- Became an MP and chairman of constitutional assembly in 1994
- Moved full-time into business in 1997, becoming one of South Africa’s richest businessmen
- On Lonmin board during 2012 Marikana massacre
- Elected ANC leader in 2017 and on 15 February 2018 became president after the resignation of Jacob Zuma
“He also insisted that his regional negotiators, some of whom had never been inside a hotel before, should stay in the same luxury hotels as their management counterparts.”
National apology over cattle auction
Also the owner of a farm with highly prized cattle, Mr Ramaphosa – who is married to Tshepo Motsepe, the sister of South Africa’s richest black businessman, Patrice Motsepe – once went to an auction to bid for a buffalo and her calf.
He offered about 19.5m rand ($2.3m; £1.4m), but could not match the 20m rand offered by rival bidder Jaco Troskie, the son of South African film magnate Boet Troskie.
His role in the auction came to haunt him after the Marikana killings, as his critics accused him of spending lavishly on animals but not paying workers a decent wage.
To salvage his credibility in the ANC and the trade union movement, he apologised on national radio.
“I regret it because it is an excessive price in the sea of poverty. I belong to a community and it was one of those moments when I was blind-sighted,” he said.
Although to some his reputation was tarnished, he rose to become ANC deputy leader in 2012 and South Africa’s deputy president in 2014, giving legitimacy to the scandal-hit presidency of Jacob Zuma.
But if he thought Mr Zuma would back him as his successor, he was wrong.
Cyril Ramaphosa’s rivals:
The then president threw his weight behind his ex-wife and former African Union Commission chief, Nkosazana Dlamini-Zuma, leaving Mr Ramaphosa to fight hard to become ANC leader.
In an increasingly bitter campaign, Mr Ramaphosa became the anti-Zuma candidate, saying he would fight corruption, which was widely seen as a dig at the man who remained his boss at the national level.
He also said he believed the woman who accused Mr Zuma of rape even though the ex-president had been acquitted in court.
‘Crooks who steal money should go to jail’
Mr Mandela thwarted Mr Ramaphosa’s presidential ambitions in 1994 when, under pressure from his ANC colleagues, he chose the more senior Thabo Mbeki as his deputy.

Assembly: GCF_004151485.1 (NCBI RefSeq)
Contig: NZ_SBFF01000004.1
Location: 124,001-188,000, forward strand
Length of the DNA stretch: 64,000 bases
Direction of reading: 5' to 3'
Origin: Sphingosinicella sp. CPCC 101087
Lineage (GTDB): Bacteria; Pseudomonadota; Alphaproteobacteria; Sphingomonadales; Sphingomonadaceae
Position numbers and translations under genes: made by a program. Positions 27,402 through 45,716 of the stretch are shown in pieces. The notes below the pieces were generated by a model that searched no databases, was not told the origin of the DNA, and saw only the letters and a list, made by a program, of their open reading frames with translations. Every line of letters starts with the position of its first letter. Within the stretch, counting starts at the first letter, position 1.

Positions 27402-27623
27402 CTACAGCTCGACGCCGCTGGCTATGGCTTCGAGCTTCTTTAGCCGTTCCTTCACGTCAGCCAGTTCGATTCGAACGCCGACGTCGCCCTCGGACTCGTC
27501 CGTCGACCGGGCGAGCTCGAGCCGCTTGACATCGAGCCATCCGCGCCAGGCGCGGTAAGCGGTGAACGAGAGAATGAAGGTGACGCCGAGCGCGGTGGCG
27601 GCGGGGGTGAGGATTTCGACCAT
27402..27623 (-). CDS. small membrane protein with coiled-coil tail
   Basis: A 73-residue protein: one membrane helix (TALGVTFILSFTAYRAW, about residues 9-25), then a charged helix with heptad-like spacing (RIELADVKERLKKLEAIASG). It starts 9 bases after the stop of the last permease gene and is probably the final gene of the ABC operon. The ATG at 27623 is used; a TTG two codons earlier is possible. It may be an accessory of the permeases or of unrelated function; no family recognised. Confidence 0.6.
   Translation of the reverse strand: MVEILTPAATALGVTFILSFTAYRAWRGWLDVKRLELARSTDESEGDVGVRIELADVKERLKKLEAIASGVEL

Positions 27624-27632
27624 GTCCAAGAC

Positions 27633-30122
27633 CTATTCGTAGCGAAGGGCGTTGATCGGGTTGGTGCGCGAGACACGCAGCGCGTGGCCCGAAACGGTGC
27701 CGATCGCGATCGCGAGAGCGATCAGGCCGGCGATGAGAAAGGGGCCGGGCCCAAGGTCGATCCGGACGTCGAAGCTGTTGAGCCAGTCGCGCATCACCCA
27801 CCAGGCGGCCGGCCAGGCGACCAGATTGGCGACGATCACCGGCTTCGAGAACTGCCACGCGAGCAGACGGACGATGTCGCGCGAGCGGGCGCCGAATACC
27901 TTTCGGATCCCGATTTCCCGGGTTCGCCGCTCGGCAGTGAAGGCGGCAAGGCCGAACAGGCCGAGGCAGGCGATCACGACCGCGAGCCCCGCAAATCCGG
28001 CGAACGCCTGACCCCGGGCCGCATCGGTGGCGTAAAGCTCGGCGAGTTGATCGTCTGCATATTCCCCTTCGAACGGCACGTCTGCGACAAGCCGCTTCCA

At the time, Mr Mandela’s former doctor and businessman, Nthatho Motlana, said that Mr Ramaphosa – then only in his 40s – had age on his side, that he should move into business and return to the political frontline at a later stage.
More than 20 years later, this is exactly what the suave and urbane Mr Ramaphosa did to the delight of his allies, who see him as the ANC’s prodigal son.
Yet he still faces a serious challenge from Zuma allies in the ANC – and an electorate that is getting increasingly fed up of corruption scandals, a sluggish economy, an unemployment rate of 27% and frequent electricity blackouts.
The 66 year old is trying to balance those calling for more radical reforms over issues such as land redistribution – pushed by the EFF – and the interests of the business community.
Six months after becoming president, Mr Ramaphosa announced that the constitution would be amended to allow for the expropriation of land without compensation – something that is still going through parliament – but he has been at pains to say there will be no land grabs, as witnessed in neighbouring Zimbabwe.
And vowing to rid South Africa of corruption, he has established the Zondo Commission of Inquiry into “state capture” – which is currently looking into allegations of graft by former President Zuma and the wealthy Gupta family who are accused of trying to influence political decisions. Mr Zuma and the Gupta family deny any wrongdoing.
“The crooks who steal money should go to jail. They must wear the orange overall [for prisoners],” he said recently.
Those waiting for convictions will hope the anti-corruption drive will not get stuck like the commuter train Mr Ramaphosa took whilst out campaigning in February. A journey that should have taken 45 minutes took the president and the other passengers four hours.